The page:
In this edition of One Great Thing, Glen Joffe presents Ghanaian Movie Posters. Although at first glance the subject appears obscure, the posters are extraordinarily engaging.
Painted in oil paint on opened-up flour sacks, the only canvas available to the artists who created them, they advertise "B" and "C" Hollywood horror and action movies, Bollywood movies, Kung Fu movies from the Hong Kong film industry, and oftentimes bizarre movies (by American standards) from Nigeria and Ghana. Frankly, we find the posters more interesting than the films they advertise.
During the late 1980s a cottage industry developed in Ghana, West Africa, composed of young entrepreneurs who possessed three pieces of property -- a TV, a videocassette recorder (VCR), and a portable, gas-powered generator. Armed with these tools, desire and ambition, they set up ramshackle theaters known as "video clubs," showing movies on the VCR and charging admission. Sometimes, they would even take the show on the road and move from village to village. Yet, stationary or mobile, the common denominator was delighted and noisy audiences, who sat scattered on benches, chairs and the ground itself.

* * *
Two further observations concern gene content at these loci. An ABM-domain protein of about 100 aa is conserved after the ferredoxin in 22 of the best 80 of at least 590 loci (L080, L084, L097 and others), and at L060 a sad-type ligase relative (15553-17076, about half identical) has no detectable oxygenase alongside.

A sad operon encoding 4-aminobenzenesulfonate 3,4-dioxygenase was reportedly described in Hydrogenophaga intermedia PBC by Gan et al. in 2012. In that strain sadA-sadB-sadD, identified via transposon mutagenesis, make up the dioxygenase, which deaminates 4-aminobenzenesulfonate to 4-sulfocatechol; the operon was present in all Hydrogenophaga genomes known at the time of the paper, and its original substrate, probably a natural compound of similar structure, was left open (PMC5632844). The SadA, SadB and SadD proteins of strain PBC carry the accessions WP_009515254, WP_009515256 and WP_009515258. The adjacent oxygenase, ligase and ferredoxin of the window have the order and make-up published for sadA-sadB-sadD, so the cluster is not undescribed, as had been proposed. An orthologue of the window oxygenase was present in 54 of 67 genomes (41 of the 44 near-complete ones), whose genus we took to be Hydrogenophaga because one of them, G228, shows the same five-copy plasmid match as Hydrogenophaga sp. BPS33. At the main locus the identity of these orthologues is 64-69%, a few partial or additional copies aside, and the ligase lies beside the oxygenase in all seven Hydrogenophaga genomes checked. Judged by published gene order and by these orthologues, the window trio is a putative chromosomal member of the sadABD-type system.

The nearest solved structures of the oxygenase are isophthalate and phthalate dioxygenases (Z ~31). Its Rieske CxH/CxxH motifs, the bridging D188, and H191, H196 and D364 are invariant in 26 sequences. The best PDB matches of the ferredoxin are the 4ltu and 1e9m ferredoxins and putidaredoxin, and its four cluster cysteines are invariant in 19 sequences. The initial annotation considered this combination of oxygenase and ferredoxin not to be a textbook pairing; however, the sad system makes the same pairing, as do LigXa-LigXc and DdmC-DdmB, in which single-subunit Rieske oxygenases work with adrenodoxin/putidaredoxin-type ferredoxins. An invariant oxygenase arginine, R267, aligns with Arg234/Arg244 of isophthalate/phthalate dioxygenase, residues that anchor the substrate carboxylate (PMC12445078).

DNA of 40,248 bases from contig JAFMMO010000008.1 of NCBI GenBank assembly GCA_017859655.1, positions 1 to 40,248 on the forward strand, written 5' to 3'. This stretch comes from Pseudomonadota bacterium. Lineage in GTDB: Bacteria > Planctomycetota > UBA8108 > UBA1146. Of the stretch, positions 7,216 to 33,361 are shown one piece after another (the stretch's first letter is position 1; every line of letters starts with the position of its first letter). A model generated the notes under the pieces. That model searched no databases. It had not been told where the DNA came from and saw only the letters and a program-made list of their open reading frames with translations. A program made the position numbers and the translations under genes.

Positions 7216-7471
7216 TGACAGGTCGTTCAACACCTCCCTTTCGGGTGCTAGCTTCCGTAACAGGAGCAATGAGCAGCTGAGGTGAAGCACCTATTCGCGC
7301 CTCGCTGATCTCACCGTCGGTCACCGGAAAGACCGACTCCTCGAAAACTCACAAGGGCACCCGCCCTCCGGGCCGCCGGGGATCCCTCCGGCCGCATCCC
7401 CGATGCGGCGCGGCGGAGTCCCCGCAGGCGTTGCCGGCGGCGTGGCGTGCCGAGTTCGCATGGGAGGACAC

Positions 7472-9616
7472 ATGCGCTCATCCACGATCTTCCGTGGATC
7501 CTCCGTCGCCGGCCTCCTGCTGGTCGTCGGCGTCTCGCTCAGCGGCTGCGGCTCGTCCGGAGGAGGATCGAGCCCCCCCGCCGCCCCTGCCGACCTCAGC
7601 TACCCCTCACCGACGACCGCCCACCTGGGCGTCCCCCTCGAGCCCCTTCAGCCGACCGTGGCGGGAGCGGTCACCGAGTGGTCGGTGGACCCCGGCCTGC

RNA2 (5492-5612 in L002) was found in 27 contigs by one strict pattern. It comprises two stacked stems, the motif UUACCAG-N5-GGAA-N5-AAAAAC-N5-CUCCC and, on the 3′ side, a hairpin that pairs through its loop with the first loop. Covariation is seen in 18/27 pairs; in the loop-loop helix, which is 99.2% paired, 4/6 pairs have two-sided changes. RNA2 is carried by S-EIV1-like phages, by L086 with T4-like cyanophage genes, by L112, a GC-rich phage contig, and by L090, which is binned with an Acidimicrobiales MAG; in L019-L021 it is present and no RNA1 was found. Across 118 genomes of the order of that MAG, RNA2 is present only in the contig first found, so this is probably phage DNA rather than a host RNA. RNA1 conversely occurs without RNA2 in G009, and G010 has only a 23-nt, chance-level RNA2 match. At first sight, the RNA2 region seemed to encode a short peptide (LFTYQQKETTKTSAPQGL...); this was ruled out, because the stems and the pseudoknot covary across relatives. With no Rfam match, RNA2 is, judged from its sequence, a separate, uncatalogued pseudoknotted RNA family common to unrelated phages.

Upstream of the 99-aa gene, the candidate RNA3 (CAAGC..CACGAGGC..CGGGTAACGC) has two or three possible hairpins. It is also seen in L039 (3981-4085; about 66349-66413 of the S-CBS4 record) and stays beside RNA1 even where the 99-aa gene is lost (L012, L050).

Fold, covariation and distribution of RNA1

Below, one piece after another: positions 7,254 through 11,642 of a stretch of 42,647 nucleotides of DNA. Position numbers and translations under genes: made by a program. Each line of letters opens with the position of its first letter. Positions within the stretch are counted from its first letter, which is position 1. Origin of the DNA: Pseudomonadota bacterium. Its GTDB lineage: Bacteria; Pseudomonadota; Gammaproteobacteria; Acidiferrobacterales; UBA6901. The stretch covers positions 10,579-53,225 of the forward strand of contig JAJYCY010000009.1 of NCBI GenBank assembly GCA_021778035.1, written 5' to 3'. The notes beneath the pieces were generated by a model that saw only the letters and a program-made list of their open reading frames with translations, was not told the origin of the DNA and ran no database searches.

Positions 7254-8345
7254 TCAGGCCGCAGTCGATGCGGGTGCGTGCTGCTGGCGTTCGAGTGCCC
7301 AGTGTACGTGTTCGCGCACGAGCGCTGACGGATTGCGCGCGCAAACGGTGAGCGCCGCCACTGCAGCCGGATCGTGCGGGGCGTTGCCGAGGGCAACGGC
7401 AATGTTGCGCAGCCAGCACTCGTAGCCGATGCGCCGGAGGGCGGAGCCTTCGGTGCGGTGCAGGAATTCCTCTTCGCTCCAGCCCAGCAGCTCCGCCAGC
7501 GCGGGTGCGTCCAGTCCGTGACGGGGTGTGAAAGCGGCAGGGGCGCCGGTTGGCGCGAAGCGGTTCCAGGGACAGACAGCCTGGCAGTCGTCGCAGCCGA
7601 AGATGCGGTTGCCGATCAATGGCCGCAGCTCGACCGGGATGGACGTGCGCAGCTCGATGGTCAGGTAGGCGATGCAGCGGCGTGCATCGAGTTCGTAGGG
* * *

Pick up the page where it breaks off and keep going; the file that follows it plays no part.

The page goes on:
In order to attract customers and sell tickets, club operators commissioned posters, which were painted on opened-up flour sacks. Yet, it is the imagery, not the canvas, which always succeeds in drawing the viewer into an imaginary, surreal world. As art and advertising, they are wildly successful, and it is the combination of the two which makes these posters so unforgettable.
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